The problem described states that the bland product design was the problem. The project team were tasked with developing a product and introducing this to the market.

    From what I can see it looks like a fragmented organization and a ‘them and us’ attitude is the primary problem. The project manager does not see that he/she has anything to do with the product design and the VP is all to quick to point fingers.

    In truth the product design was a problem. The team, for that is what they should be, could have reviewed this together to establish what they could have done differently and learned from this situation.

    In a healthy company the organization owns the problems and the successes. Products are not designed by Executives, this is a team effort.

    Given a situation like this I would look to tools that enable the organization to work together across all disciplines. I attach an exampole of one of these enablers in my Blog.

    1. Bruce Benson says:

      Alan,

      Yes, the product design was very much separate from product/project development and done by a design team. However, the team could make suggestions and often influence the design. With that said it was pretty clear that product acceptance was a fairly hit and miss proposition. We would put out a dozen products and inevitably a few would be a hit. No one was ever consistent at being able to pick which ones would be a hit. (Our biggest selling – industry changing – product was rejected by multiple customers until one finally took it and consumers subsequently loved it.).

      So while we could, as we always did, attempt to improve our design, the key notion was that getting the project execution right (even if the design/requirements were not always top notch) helped bring to light that what many took as “common wisdom” about what was regularly going wrong (e.g. poor project management, poor execution, etc.) wasn’t the case. The biggest problem here was not the confusion, which I’ve found before and is part of pealing the onion of problems. Instead, it was the “deer in the headlights” look of too many very senior managers who literally didn’t know what to do next when they found that their pet scapegoat of many many years no longer existed.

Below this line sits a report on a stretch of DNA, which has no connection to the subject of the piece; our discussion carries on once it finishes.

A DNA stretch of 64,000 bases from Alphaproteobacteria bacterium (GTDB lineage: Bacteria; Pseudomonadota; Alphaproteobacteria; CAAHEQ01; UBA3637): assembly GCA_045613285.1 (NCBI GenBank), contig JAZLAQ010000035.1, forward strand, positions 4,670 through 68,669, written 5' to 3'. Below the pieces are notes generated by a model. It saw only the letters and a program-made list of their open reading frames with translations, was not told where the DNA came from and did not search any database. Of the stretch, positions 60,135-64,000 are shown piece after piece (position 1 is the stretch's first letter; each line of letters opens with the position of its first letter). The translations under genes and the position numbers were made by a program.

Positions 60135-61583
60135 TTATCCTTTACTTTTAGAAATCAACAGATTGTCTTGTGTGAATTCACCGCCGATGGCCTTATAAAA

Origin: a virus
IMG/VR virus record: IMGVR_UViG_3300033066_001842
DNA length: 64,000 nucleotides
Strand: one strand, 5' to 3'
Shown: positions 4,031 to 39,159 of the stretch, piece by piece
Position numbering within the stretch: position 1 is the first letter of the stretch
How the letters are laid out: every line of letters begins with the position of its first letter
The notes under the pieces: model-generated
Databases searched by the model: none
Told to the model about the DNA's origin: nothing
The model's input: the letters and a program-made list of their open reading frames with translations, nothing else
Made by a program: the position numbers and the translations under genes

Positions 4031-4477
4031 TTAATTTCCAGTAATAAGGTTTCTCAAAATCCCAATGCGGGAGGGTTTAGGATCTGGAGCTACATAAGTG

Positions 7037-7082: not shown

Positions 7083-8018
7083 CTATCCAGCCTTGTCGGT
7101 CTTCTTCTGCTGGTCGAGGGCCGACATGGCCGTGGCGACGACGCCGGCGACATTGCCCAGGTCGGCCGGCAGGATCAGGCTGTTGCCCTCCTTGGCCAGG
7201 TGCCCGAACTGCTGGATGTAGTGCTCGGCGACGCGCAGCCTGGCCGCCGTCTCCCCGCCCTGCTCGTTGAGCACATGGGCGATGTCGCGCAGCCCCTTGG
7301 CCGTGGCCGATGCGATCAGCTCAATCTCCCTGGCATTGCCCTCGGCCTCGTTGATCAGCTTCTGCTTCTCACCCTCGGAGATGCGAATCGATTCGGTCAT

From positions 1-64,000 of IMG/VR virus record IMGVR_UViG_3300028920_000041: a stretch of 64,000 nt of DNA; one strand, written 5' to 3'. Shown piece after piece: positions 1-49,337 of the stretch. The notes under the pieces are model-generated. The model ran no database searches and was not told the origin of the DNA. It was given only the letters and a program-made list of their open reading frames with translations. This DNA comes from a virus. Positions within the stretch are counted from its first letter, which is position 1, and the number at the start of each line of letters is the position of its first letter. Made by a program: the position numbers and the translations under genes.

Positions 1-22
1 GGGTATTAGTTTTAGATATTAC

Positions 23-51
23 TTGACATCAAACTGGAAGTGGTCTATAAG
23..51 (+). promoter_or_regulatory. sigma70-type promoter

Of course, if it was a healthy company, there would not be this discussion! The trick, as you mention enablers, is to help these companies break these patterns and get healthier.

      Thanks

      Bruce

  2. Bruce Benson says:

    Dave,

    Great quote. Too often in a corporate environment the strategy (and the senior manager) are assumed correct (they even say so!) so it must be the implementation!

    I see this as a variation on “if you keep doing the same thing, you are going to get the same results” but it is not always obvious to the strategizer.

    Thanks

    Bruce

  3. Dave Gordon says:

    As Winston Churchill famously observed, “However beautiful the strategy, you should occasionally look at the results.” Lousy decisions have consequences that last far beyond the intent of The Decider. And a Decider who insists that the fault lies with the implementers needs to be able to back up that accusation, or face a public challenge. Kudos to the Challenger!